UX Case Study: SeedLogix Website Builder & Content Management System Prototype

TL;DR

SeedLogix, a startup company in Austin, TX, was looking to improve their website builder and content management system (CMS). I conducted and recorded 4 user testing sessions in the CMS and analyzed each of the sessions for user errors. The results were used to create a prototype design that was tested with a 5th user who was able to successfully complete all instructed tasks.

  • Project: UX Testing and Prototyping
  • Company: SeedLogix/IgnitedLocal
  • Date: December 2018
  • Location: Austin, TX

The Challenge

SeedLogix was looking to start scaling their marketing and web design program by providing access to their online CMS platform to freelance contractors and other marketing agencies. The platform provided a website builder and online marketing tools so that a user could execute all of their online campaigns through one system.

Since the system was so new, it quickly became clear that users were having trouble with certain aspects of the website builder. In order to identify user errors and outline potential solutions, I initiated a UX design project involving several rounds of user testing, user error analysis, and a prototyped solution with Adobe XD.

User Testing Sessions

To begin the project, 4 user testing sessions were scheduled with a group of web designers, graphic designers, UX designers, and website developers since these would be the most likely personas utilizing the website builder system. Once the project was complete, a 5th user testing session would be performed with a new prototype design to evaluate its improvement.

Five users were chosen to hold the tests since “the best results come from testing no more than 5 users and running as many small tests as you can afford” according to the Nielsen Norman Group. This hypothesis was confirmed to be true as the 3rd and 4th users continued to show similar errors to their previous counterparts, and the majority of errors were identified within the first 2 sessions.

During each session, the users were instructed to complete 5 vital tasks to the creation of a website:

  1. Create a new website
  2. Successfully navigate a website touchpoint
  3. Add HTML code to the home page
  4. Upload an image
  5. Create/view new internal pages

In order to maintain bias-free results, each user was prompted to complete each task without instruction, unless called for in order to keep the test moving forward.

Each of the user sessions was recorded to be reviewed after the interviews. I took notes on each user after the interview and organized the data into a spreadsheet. The errors were categorized by:

  • The location it occurred
  • The task that was being attempted
  • The type of error
  • The number of users that made the error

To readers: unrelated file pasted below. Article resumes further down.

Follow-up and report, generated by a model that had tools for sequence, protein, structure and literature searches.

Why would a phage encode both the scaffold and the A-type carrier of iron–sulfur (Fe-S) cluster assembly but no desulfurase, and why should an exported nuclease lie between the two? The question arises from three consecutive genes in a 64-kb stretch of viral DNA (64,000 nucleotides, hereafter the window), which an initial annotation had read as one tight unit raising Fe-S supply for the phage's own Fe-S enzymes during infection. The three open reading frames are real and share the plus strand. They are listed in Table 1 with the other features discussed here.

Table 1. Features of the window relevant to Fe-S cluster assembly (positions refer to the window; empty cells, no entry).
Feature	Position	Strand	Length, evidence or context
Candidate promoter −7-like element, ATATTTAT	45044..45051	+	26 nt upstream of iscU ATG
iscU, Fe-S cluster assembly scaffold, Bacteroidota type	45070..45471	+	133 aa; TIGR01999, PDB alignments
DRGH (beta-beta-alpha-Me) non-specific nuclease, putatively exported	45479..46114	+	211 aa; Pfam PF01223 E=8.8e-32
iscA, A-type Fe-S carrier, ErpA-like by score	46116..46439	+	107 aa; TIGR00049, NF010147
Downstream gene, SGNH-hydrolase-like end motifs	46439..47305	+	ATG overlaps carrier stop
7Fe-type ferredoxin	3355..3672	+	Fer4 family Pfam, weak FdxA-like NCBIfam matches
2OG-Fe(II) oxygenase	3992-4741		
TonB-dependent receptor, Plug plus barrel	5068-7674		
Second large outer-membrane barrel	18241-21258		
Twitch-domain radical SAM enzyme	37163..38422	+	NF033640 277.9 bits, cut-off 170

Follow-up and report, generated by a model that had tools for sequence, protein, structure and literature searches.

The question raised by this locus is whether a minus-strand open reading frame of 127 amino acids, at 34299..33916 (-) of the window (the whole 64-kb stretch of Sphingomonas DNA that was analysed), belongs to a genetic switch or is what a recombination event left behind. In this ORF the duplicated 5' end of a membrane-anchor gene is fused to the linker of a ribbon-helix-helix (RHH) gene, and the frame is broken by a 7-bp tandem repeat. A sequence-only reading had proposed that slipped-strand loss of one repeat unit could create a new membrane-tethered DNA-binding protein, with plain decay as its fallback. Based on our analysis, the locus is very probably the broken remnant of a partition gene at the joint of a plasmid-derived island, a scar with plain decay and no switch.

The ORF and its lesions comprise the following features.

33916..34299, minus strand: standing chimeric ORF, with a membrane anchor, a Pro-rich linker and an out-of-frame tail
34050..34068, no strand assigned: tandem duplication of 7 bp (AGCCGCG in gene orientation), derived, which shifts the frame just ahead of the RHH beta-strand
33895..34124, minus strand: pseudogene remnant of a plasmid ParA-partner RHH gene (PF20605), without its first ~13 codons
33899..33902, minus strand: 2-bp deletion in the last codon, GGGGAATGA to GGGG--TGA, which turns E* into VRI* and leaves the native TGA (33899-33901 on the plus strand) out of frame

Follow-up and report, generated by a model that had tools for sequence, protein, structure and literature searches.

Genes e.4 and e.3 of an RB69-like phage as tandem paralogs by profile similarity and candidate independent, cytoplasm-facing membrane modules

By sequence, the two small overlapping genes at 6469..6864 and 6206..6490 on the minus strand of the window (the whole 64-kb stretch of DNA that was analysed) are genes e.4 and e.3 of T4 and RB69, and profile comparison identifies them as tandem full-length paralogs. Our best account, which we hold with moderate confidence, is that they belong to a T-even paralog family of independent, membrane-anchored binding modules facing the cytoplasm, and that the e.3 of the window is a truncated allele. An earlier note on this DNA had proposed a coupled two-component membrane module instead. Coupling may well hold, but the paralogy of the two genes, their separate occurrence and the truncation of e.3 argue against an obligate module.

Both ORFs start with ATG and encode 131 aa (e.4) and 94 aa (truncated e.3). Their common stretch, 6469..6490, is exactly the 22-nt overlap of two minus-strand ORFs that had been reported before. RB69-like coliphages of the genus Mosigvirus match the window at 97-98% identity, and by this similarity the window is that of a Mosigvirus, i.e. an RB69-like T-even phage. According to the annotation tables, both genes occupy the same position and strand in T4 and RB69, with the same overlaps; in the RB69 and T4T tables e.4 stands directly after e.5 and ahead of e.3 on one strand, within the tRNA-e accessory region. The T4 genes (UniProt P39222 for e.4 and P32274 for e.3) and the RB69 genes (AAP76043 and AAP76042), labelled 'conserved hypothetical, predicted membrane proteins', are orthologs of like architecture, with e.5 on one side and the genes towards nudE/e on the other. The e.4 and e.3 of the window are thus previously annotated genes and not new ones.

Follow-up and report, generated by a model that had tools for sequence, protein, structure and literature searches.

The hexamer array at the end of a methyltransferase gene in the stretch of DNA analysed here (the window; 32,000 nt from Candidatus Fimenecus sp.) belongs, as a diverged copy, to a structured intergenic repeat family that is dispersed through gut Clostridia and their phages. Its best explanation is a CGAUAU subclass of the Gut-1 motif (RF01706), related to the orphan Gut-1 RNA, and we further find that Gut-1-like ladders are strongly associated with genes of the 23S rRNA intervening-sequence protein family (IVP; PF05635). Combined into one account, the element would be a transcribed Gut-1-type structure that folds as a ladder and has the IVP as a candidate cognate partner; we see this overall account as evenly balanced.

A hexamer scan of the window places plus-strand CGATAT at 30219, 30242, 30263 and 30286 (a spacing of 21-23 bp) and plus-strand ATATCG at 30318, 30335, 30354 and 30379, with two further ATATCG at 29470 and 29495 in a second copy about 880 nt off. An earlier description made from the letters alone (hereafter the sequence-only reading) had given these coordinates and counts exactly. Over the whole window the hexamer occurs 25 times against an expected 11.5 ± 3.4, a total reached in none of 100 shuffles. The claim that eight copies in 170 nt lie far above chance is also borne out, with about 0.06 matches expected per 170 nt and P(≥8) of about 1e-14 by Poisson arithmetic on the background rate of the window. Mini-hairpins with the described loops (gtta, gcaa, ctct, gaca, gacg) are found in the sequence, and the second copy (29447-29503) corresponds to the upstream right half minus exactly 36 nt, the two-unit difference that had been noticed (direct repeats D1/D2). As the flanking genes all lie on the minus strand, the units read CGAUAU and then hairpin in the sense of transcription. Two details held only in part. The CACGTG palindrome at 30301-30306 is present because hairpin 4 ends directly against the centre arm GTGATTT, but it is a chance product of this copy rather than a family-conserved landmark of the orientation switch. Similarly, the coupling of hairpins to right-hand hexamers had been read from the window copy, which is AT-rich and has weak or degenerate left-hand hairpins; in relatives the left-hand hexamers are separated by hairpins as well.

• The ease to solve
  • The potential value

Using an average formula between the ease to solve and the potential value of the solution, I also created a priority stack of the user errors to allow the developers to tackle the most crucial elements first.

The Prototype

Once the user testing and analysis was complete, I designed new layouts for each screen of the CMS based off of the recommended solutions in the user testing results.

The design changes that were made included:

  • Adding a welcome module to explain the meaning of “Campaign”
  • Adding quick access buttons to create different touchpoints (see above)
  • Displaying tab names on touchpoint navigation (previously hidden under hover effect)
  • Changing names/icons for several tabs in navigation
  • Changing ellipses to a plus icon for adding blocks
  • Adding an “Upload Image” button to each page layout

Last, each of the screens was linked into a clickable prototype to be tested with the final user and potentially iterated upon for future tests.

Interested in seeing the prototype design?

View Clickable Prototype or Download Prototype PDF

The Results

In the final user testing session with the new prototype, the user was able to complete all tasks with much more ease and accuracy than users on the previous version, as indicated in the chart below.

While the initial user testing sessions took between 20:00 and 35:00 minutes for attempting the tasks and answering questions, the final testing session video recorded was only 6:29 in length.

These results indicated that the new design streamlined the user flow process, reduced confusion, and minimized the potential for user errors to occur. In addition, several new observations were recorded to be tested in future designs.

I'm a web designer and digital marketer in Austin, TX. I’m a hardcore believer in trying new things… even when it doesn’t make any sense.